You are on page 1of 10

Extending Patterns for Fearless Change

Daniel Cukier, Department of Computer Science - University of São Paulo Fabio Kon, Department of Computer Science - University of São Paulo

The software industry is very dynamic and new ideas arise all the time from virtually any part of the world. It is not guaranteed that these ideas will be adopted, mainly because, among other obstacles, the solution may imply on having people change their way of thinking. Different from people, computers receive well defined commands and execute them precisely. We should take into account that human beings are independent and unpredictable. Despite this unpredictability, we can find some behavioral patterns to help us deal with several situations, allowing us to achieve our objectives. In this paper, after a small introduction to the Patterns for Introducing New Ideas proposed by Mary Lynn Manns and Linda Rising, we propose four new patterns that can be added to the original catalog. In one of these new patterns, we show the great importance of combining artistic activities with day-to-day activities of people who work with software development and how Arts can help us to introduce new ideas. The study of some practices such as theater, painting, poetry, music, and meditation allowed us to find some connective elements between the purely mathematical side of the human mind and its creative, artistic one. Software development should be approached as a “human activity”, rather than a solely technical or logical one. Categories and Subject Descriptors: D.2.9 [Software]: Programming Techniques—Management; J.4 [Computer Applications]: Social and Behavioral Sciences—; J.5 [Computer Applications]: Arts and Humanities—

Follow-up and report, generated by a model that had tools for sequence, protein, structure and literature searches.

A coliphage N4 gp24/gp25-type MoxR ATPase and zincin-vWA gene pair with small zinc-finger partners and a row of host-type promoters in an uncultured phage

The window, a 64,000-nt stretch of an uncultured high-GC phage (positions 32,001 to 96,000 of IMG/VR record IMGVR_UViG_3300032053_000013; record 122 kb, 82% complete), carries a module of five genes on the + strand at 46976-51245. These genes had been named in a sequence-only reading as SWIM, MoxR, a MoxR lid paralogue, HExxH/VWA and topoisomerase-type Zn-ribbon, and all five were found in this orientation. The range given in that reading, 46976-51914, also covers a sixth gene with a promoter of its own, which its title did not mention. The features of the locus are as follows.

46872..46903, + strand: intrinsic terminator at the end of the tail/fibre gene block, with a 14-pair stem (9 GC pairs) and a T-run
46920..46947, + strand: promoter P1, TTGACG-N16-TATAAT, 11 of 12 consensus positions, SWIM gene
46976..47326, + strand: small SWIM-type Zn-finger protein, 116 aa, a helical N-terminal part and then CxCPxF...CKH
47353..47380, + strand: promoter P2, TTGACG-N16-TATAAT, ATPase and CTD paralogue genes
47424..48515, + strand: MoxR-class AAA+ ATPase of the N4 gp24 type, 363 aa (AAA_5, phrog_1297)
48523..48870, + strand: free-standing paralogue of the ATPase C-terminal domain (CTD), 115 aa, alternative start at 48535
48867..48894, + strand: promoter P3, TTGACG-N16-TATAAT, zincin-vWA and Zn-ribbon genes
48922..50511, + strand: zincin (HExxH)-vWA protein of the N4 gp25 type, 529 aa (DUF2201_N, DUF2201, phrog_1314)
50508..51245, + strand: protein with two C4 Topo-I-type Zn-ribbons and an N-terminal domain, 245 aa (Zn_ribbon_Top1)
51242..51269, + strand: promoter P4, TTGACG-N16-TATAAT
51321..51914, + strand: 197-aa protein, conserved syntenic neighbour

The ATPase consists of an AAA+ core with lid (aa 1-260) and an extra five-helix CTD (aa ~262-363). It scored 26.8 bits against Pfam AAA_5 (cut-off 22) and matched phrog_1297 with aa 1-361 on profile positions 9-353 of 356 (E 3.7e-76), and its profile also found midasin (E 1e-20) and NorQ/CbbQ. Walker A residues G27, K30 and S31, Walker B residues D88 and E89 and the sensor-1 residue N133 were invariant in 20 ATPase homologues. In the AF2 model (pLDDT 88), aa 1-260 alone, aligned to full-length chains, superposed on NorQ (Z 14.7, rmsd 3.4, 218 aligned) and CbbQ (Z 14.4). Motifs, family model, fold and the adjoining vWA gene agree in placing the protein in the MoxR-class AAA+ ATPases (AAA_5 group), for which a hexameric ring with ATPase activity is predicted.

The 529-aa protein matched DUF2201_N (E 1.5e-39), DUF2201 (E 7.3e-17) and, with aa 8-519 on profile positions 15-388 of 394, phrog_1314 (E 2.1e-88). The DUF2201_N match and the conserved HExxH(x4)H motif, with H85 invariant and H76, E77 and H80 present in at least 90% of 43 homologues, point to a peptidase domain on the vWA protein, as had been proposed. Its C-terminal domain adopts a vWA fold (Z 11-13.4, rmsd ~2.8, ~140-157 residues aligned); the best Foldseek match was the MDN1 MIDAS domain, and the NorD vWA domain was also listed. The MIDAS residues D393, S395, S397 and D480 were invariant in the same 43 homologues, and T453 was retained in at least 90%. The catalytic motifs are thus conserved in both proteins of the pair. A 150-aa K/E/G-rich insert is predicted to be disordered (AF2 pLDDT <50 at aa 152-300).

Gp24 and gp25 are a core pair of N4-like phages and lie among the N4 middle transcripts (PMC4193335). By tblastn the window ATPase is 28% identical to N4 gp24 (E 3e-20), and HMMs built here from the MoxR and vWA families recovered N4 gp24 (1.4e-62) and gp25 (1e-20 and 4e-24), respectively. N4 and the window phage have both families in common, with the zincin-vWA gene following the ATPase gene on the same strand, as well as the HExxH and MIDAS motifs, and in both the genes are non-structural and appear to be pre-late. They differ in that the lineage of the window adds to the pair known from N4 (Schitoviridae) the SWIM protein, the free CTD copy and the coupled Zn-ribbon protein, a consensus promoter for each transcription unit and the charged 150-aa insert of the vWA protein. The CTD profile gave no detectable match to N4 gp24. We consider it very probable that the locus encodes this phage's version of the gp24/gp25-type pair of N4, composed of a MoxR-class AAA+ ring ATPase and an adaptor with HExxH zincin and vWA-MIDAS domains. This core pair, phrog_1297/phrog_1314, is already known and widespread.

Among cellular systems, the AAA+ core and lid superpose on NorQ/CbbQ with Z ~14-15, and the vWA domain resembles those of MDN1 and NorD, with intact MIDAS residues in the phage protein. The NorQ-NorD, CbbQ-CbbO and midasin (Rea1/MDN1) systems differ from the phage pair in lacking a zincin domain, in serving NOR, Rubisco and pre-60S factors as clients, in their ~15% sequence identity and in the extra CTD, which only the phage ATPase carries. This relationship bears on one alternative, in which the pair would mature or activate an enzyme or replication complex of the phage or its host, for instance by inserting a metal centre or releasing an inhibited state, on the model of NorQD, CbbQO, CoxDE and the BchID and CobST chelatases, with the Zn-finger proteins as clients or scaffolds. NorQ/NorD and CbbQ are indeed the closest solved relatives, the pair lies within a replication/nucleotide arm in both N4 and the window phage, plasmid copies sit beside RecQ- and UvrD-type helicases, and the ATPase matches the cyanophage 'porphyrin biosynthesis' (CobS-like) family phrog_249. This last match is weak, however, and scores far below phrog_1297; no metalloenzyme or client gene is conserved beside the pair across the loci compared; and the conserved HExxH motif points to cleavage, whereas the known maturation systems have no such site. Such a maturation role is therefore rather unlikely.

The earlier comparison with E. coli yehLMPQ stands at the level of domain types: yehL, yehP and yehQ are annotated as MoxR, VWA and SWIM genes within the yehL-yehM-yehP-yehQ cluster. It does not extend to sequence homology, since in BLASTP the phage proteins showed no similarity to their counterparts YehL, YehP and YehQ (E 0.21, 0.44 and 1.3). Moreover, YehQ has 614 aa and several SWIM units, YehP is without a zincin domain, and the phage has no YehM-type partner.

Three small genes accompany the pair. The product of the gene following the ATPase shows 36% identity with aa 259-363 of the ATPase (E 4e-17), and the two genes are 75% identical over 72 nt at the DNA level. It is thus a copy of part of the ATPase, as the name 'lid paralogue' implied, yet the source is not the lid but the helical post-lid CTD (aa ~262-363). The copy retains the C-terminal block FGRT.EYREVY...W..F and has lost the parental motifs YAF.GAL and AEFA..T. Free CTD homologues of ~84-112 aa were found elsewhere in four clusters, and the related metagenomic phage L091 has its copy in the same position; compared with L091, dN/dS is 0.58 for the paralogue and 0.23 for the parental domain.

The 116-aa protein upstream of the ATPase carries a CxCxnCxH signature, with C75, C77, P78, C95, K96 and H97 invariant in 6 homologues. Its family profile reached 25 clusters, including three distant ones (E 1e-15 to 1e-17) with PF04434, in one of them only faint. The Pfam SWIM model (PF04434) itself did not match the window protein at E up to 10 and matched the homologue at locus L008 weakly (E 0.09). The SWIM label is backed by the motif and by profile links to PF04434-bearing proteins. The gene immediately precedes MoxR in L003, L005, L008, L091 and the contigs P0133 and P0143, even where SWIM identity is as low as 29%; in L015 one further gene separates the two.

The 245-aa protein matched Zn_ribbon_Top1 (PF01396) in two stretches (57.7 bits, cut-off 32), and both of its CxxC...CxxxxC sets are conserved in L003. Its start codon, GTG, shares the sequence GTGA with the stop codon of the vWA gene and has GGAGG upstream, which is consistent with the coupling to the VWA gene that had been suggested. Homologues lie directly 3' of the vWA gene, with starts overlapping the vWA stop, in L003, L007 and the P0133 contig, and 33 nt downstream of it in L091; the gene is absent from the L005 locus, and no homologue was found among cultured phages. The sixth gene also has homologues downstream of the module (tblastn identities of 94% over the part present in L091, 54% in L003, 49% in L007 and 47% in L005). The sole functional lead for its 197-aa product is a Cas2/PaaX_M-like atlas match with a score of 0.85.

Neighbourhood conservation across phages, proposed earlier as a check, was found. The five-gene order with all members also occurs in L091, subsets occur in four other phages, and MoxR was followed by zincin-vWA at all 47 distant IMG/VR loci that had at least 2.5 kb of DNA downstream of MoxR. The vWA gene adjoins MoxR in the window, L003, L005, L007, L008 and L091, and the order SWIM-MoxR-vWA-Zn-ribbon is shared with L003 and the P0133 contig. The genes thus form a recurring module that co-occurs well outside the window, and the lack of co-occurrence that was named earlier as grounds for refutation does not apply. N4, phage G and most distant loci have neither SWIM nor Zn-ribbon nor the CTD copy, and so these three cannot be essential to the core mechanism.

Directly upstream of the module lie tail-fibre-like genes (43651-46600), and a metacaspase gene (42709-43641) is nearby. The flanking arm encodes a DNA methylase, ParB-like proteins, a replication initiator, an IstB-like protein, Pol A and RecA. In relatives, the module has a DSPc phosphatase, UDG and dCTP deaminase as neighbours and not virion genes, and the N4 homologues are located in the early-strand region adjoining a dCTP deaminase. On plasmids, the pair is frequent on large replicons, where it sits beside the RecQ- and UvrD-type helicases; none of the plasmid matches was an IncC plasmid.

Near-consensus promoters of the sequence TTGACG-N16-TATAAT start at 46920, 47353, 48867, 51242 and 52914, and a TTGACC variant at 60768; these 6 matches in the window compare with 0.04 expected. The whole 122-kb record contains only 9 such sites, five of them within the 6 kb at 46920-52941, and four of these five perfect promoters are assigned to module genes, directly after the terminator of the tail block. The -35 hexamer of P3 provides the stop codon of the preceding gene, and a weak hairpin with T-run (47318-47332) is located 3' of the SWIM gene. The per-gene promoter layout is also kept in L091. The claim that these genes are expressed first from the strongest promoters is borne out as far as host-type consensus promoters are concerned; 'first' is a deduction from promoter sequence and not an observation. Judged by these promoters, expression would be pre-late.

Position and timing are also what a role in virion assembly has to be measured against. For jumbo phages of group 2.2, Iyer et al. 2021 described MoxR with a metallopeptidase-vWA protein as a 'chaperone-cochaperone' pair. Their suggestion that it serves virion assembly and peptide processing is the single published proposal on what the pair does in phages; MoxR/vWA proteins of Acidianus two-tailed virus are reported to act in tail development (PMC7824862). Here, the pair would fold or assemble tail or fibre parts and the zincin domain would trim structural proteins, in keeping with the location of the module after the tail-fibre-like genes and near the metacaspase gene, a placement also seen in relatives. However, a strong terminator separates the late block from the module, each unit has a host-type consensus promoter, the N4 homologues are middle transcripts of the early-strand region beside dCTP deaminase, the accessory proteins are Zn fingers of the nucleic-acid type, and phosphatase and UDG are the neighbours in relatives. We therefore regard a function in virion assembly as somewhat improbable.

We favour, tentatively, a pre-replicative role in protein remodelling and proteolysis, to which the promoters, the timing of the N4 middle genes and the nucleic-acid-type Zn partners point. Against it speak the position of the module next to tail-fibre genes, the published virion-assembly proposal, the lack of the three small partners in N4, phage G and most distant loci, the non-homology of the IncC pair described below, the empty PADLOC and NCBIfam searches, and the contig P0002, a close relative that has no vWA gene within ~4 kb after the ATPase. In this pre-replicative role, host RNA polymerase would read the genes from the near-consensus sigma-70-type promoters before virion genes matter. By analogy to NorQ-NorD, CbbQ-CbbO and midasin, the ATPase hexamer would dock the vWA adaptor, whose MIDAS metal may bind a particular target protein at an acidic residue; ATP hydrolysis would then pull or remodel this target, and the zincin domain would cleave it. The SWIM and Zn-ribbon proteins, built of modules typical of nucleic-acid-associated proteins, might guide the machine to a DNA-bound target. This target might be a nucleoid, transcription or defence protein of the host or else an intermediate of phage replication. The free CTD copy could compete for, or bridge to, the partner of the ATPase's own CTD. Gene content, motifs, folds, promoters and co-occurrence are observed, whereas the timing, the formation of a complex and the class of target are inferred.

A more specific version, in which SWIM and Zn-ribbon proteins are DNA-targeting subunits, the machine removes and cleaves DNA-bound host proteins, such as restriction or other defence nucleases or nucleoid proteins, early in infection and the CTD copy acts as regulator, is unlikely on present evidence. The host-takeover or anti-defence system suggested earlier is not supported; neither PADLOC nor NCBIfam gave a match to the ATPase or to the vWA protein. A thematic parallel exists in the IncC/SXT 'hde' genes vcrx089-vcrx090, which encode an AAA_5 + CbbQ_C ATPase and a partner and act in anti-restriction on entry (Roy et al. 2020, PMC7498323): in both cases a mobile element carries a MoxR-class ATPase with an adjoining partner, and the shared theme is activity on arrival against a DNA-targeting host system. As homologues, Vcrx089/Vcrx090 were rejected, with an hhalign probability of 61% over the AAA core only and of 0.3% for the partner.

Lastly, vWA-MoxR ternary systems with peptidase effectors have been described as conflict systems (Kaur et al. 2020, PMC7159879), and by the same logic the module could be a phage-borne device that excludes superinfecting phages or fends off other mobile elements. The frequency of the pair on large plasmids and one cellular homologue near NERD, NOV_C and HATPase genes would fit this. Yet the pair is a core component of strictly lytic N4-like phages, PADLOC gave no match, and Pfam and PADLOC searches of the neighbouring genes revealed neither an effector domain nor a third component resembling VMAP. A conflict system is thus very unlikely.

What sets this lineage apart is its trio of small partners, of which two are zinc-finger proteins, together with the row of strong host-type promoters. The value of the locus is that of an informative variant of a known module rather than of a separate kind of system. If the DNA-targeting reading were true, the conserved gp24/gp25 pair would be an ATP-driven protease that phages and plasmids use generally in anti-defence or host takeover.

General Terms: patterns, patterns for introducing new ideas, art, agile Additional Key Words and Phrases: behavioral patterns, patterns for introducing new ideas, do art, let them play, Mary Lynn Manns, Linda Rising, fearless change, art, agile
ACM Reference Format: Cukier, D. and Kon, F. 2011.Extending Patterns for Fearless Change. jn 2, 3, Article 1 (October 2011), 10 pages.